Australian Council on Children and the Media

Editorial: Goodbye to C and P programs on commercial TV? February 3, 2021

The first day of the New Year saw the commencement of the new Australian and Children’s content standards for commercial free-to-air TV in Australia.   

It seems unlikely that these will support the continued production and screening of quality age-appropriate programs for primary school aged children on commercial TV. 

The previous standards for children’s C classified content were implemented over 40 years ago to ensure that Australian children aged 6-13 had access to such programs on Australian TV. 

Commercial TV at the time was assessed as not having sufficient interest (financial or otherwise) in providing such access for a neglected audience.  

ACCM played a key role in convincing the government of the day to act to remedy that.  

ACCM also fought many a battle, and over many years, to ensure the standards were improved and updated, and to fend off repeated attempts by the networks to remove these legal requirements.  

The networks’ interest in and devotion of resources to the production and provision of quality C (and later, P for preschool) programs throughout all these years rarely rose above the required minimum.  This despite, for example, the world acclaim that independently produced Australian children’s dramas had received.  

These too were given too little promotion.  However, C and P programs were being made and screened  and added to the diversity of program types available. 

During 2020, the federal government held yet more reviews of the children’s standards, and in addition, due to Covid19’s impacts, suspended the children’s quota requirements.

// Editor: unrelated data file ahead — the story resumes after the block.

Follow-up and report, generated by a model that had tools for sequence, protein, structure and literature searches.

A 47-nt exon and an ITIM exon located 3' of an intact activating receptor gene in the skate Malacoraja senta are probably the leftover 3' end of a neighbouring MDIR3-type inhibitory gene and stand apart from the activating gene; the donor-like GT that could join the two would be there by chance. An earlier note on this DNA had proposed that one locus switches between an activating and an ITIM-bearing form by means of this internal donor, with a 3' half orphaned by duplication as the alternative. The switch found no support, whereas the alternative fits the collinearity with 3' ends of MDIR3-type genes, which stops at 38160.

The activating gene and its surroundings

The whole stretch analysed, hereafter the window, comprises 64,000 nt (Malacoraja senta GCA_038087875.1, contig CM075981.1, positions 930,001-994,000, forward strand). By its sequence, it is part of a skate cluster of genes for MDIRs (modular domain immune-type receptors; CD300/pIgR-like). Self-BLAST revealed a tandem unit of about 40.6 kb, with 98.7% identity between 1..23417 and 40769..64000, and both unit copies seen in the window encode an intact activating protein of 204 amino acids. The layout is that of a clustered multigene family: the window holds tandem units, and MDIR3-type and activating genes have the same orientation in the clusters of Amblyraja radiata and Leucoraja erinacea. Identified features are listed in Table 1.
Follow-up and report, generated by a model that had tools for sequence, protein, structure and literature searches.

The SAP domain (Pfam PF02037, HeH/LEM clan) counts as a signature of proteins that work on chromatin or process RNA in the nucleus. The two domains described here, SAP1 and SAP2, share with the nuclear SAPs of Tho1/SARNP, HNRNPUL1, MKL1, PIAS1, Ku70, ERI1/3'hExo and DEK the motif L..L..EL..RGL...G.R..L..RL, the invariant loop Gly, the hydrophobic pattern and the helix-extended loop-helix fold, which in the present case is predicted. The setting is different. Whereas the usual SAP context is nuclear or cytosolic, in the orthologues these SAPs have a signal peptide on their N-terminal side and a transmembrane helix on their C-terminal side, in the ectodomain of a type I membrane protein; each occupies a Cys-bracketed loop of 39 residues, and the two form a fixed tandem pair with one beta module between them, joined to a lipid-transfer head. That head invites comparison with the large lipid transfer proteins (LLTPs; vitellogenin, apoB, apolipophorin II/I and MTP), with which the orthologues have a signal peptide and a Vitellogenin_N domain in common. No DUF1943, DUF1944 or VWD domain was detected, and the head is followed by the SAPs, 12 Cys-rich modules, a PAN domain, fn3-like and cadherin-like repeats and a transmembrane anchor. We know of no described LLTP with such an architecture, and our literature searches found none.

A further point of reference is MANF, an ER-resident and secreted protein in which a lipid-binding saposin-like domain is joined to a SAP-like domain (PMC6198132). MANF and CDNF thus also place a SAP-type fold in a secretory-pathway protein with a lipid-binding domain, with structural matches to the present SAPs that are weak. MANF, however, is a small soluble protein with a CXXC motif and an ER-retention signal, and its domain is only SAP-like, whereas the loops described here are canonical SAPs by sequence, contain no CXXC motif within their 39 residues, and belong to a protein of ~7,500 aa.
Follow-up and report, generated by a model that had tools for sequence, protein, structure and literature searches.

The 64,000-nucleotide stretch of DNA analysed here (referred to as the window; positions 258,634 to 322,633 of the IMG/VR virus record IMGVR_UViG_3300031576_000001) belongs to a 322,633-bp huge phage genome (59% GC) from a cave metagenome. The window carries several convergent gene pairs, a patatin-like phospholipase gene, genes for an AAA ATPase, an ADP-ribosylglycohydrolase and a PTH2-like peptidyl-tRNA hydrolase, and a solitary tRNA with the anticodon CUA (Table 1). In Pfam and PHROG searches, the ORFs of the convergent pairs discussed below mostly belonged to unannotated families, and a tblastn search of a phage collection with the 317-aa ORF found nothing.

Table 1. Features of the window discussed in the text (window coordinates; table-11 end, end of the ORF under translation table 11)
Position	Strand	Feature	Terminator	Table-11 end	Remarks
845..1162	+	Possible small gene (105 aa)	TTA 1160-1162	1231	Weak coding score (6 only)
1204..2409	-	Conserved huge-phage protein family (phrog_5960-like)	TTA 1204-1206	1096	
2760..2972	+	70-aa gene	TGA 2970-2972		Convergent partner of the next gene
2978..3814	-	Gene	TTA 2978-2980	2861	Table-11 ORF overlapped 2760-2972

In December, the government directed the ACMA to implement a new set of standards that removed the children’s C and P program quota obligations.  Commercial networks are now free to fill their Australian content quotas any way they like- which can be all programs for grownups.  It’s difficult to see how quality children’s programs will survive now. 

The lifting of quotas for children’s programs is not the only change to the standards: C programs were intended “for those of primary school age”, while including a definition of a child as “under the age of 14”.  

C programs are now “for children”, with the government directing that a child will be “under the age of 15 years”. 

Will anyone choose to make programs for middle childhood, when they can opt for the more lucrative tween and teen market? 

If any C programs are made, industry classifiers (previously the ACMA classifiers) will judge quality and age-appropriateness. . Where’s impartiality in that? 

Some will argue children can always watch the ABC, but if the only quality free-to-air programs for children are screened on just one or two channels, where’s the diversity of choice for children of different ages and interests who might all be watching at the same time? 

Adults have a multitude of choice on free-to air, supplemented (if families can afford it) by streaming services.  

And more: where’s the support and market for independent children’s producers in Australia going to come from.?  

Much has been lost.